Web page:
I know people who spend money purchasing beautiful art, creating memorable experiences and enjoying gastronomic feasts. Some use their income and energy creating homes that feed their souls. Others live frugally so that they can support causes that pull at their heartstrings. I see people, who have very little financially, give much of what they do have to help others.
We choose how we use our resources. Hopefully, we put them where our hearts are.
A few years ago, I volunteered at a community fundraiser. I was in a food stand, taking orders, collecting money and telling the man in the kitchen what was ordered. He was retired and spent the majority of his time volunteering for local charities, and contributed most of his money to causes he supported. Listening to him rattle off his volunteer obligations for the upcoming week was really inspiring. The thing is, it made him happy.
He didn’t “need” anything so he gave away everything he had.
I have friends who are true change-agents in our world doing everything from preparing lunches for people at a local mission to fighting sex-trafficking. These people are on the front lines. They are passionate protectors of the innocent and underprivileged.
They are warriors for God.
I vividly remember driving on a four-lane bridge on my way to a client’s house and counting seven police cars—lights flashing—lined up in the outside lane. All of the officers were out of their cars. As I got closer I saw a man standing on the other side of the bridge, several hundred feet above the river, apparently ready to jump. When I was able, I checked the news and learned that when he leaned forward, the officers were able to grab him; saving his life. I didn’t know that, however, when I got to the client’s home. I was shaken up and couldn’t get him out of my mind. For any of a multitude of reasons, that young man had decided that his life was no longer worth living. Maybe he had mental health or physical challenges. Maybe he was lonely, heartbroken, scared or over-his-head in debt. Perhaps in his reality, life had no value. I often think about the image I saw that afternoon.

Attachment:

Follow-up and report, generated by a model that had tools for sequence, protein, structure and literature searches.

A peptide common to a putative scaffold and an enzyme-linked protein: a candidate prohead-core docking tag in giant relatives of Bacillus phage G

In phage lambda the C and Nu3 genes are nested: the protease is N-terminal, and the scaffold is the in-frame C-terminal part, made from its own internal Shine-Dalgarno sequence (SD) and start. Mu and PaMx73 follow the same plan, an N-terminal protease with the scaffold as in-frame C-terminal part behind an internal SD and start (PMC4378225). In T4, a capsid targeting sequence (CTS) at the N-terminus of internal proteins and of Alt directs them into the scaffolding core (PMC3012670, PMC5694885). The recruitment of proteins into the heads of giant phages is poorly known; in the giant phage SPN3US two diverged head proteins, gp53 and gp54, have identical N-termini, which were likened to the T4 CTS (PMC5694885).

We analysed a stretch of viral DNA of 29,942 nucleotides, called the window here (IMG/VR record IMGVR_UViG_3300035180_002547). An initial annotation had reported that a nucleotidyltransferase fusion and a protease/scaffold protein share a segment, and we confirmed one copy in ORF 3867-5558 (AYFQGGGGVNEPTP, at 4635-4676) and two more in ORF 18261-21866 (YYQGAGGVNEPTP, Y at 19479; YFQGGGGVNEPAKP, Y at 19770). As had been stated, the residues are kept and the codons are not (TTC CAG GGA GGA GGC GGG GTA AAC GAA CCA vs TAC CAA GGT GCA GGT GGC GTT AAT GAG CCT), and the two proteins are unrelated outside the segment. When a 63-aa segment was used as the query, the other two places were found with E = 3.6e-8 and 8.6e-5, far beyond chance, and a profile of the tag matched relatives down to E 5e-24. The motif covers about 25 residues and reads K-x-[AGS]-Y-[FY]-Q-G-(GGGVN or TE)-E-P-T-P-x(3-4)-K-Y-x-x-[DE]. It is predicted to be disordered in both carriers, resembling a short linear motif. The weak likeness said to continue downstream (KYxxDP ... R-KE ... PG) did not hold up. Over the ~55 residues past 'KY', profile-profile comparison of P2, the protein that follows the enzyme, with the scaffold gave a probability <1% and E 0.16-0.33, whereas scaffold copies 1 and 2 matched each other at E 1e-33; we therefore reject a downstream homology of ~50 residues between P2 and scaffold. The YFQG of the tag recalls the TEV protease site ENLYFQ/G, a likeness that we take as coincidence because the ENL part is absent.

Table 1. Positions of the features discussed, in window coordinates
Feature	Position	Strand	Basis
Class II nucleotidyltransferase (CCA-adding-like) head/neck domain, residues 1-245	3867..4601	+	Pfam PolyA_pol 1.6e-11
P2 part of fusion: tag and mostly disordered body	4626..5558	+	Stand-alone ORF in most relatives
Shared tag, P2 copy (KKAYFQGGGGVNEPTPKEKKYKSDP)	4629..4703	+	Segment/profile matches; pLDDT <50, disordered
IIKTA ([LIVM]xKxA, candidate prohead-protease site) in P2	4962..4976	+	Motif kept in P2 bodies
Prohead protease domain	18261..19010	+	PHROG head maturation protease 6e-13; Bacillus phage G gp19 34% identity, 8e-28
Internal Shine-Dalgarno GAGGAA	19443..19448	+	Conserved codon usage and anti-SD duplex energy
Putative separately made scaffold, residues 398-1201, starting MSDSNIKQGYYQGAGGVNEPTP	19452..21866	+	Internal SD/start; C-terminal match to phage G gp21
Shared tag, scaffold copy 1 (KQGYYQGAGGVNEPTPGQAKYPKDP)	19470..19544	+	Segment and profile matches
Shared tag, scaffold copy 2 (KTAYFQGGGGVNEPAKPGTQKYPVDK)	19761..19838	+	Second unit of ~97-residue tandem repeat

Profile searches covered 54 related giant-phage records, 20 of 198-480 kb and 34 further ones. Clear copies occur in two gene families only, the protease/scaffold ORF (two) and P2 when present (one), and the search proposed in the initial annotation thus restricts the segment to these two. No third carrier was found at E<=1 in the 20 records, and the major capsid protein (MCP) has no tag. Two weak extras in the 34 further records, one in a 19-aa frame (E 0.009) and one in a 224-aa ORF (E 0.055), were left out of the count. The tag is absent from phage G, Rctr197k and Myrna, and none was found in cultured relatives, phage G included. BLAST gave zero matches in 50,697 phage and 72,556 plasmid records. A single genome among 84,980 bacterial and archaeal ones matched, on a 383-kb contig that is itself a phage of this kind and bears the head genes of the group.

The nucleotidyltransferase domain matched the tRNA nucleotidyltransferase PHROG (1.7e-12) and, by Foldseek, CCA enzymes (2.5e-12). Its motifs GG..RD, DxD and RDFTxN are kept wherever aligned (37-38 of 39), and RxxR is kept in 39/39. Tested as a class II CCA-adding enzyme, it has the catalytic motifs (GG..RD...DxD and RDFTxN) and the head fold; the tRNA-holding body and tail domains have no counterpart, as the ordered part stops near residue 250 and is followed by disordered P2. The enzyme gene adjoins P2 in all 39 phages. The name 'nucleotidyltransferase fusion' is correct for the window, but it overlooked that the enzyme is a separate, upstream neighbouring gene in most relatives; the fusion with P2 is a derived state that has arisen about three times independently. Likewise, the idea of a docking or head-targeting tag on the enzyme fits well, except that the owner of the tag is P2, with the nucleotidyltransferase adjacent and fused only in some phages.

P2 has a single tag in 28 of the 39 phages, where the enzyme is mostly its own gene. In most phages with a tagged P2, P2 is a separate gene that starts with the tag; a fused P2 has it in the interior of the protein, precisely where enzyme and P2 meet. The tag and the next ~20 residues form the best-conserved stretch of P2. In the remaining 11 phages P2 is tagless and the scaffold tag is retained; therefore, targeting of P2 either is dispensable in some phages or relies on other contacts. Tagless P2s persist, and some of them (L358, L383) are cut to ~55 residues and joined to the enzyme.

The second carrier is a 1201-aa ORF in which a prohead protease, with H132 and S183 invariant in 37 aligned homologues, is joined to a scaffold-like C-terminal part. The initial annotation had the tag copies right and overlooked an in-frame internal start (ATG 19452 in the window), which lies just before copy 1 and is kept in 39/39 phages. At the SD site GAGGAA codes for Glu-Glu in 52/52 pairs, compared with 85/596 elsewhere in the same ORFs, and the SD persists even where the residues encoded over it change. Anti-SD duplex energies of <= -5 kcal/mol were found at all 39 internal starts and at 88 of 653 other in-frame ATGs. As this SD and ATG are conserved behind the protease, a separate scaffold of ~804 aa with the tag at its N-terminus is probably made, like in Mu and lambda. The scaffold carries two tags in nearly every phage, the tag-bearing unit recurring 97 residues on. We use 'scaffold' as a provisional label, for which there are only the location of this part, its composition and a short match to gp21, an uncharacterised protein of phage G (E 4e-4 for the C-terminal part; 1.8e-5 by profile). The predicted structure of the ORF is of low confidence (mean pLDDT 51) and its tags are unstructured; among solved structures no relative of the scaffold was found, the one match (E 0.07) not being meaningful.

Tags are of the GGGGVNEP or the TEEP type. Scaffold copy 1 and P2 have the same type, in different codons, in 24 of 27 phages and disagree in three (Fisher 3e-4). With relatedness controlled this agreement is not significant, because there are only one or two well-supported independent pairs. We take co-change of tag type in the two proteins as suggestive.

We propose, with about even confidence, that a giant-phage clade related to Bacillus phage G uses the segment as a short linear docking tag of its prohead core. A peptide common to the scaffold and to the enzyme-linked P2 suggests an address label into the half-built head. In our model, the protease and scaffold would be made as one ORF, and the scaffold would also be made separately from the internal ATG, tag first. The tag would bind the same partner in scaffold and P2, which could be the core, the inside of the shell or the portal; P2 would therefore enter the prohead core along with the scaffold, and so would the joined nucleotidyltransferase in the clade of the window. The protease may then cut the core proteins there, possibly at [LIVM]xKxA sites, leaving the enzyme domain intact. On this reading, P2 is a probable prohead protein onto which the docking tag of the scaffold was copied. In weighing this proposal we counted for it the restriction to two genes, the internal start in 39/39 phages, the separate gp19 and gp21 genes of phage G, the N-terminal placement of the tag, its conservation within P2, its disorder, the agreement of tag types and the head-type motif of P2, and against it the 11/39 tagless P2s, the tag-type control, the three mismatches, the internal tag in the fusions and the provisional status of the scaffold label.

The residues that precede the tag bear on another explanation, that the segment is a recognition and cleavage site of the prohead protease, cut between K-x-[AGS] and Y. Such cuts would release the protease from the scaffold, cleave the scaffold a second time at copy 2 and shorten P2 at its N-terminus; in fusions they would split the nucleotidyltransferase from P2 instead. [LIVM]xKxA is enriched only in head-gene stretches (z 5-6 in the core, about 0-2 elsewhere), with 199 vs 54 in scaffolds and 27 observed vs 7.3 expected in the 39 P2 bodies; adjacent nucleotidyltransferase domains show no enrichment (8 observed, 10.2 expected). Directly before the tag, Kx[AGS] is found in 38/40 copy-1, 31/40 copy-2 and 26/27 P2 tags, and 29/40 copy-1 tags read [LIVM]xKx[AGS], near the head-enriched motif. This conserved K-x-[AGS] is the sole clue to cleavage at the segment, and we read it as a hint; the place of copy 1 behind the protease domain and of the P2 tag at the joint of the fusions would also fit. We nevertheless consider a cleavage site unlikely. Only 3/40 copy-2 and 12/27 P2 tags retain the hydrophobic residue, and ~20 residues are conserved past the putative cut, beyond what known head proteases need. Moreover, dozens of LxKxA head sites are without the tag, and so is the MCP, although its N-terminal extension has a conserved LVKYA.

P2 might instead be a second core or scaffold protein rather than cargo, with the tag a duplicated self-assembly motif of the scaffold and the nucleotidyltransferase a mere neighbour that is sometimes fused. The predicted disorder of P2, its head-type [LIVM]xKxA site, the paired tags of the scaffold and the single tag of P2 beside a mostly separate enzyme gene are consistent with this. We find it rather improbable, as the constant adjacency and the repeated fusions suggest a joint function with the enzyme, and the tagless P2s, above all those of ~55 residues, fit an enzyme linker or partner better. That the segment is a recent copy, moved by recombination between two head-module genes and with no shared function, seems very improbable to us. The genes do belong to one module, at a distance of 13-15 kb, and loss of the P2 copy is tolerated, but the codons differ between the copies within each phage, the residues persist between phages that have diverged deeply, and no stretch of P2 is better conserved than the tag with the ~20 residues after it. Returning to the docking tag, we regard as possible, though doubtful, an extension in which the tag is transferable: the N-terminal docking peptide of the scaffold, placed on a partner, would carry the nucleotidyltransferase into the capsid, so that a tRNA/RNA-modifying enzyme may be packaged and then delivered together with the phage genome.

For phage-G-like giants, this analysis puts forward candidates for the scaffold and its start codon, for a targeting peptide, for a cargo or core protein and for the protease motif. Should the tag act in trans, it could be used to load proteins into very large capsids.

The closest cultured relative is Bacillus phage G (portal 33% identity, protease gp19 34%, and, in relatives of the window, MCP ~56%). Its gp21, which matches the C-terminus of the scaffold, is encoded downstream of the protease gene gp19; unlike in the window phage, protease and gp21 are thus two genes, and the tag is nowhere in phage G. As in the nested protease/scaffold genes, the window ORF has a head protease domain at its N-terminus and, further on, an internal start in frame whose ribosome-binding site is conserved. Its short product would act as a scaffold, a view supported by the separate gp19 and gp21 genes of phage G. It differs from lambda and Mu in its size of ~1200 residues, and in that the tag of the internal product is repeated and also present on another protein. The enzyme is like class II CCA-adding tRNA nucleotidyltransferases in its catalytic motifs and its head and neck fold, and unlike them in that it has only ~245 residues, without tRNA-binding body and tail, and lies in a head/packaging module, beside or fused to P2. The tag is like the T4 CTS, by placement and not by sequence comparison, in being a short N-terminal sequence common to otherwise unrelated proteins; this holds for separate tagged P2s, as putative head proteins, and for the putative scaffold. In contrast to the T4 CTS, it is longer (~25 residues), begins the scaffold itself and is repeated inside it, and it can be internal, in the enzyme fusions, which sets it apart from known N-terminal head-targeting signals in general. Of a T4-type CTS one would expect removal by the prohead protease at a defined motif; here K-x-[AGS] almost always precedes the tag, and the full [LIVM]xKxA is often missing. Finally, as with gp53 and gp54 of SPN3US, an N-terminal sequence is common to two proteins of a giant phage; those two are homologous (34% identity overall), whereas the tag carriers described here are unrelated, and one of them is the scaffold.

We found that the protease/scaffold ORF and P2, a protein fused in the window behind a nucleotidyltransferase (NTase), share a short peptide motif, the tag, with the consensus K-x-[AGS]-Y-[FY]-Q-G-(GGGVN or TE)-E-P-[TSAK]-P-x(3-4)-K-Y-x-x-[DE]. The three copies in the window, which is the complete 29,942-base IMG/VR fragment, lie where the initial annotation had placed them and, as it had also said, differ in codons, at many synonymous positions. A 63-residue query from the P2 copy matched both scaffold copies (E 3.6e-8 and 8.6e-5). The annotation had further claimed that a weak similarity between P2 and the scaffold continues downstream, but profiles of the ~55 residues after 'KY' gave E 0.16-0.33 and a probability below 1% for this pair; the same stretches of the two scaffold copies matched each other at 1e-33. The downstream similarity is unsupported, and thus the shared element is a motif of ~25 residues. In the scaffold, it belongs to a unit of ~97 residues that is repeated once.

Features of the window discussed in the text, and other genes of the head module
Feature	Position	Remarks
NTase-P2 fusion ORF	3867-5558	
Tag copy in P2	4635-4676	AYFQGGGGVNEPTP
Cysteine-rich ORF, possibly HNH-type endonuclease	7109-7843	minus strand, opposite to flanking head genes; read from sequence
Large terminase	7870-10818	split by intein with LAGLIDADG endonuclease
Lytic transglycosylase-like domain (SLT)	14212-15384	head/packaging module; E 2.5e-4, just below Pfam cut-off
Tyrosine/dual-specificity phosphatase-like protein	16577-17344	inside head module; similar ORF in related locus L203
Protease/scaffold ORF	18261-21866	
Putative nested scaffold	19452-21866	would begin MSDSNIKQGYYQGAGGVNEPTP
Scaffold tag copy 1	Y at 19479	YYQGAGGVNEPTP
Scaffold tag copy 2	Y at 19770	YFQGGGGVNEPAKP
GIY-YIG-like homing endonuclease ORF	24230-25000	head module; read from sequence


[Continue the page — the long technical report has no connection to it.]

Human life is fragile. Human life is fleeting. Human life is impermanent.
When we’re there, at the brink between this world and the next,
it’s too late to look less at the TV and more at each other.
It’s too late to say “I’m going to right those wrongs”.
It’s too late to work less and talk to the kids more.
It’s too late to spend precious time with those we love.
It’s too late to put down the cell phone and be in the moment.
It’s too late to do more good in our world.
Too often, death surprises us when we least expect it. It creeps in, some would say, “like a thief in the night”. I would say it’s more like, “the guest we always knew would show up, but often the one we never prepared for”.
Don’t wait to live.
Time and money—currencies we trade now that will, one day in the blink of an eye, have no value. What are we doing with what we have? What really matters?
We can make a difference. We can choose how to “spend” our lives.
©2019 Peace Full Home/Intentional Living
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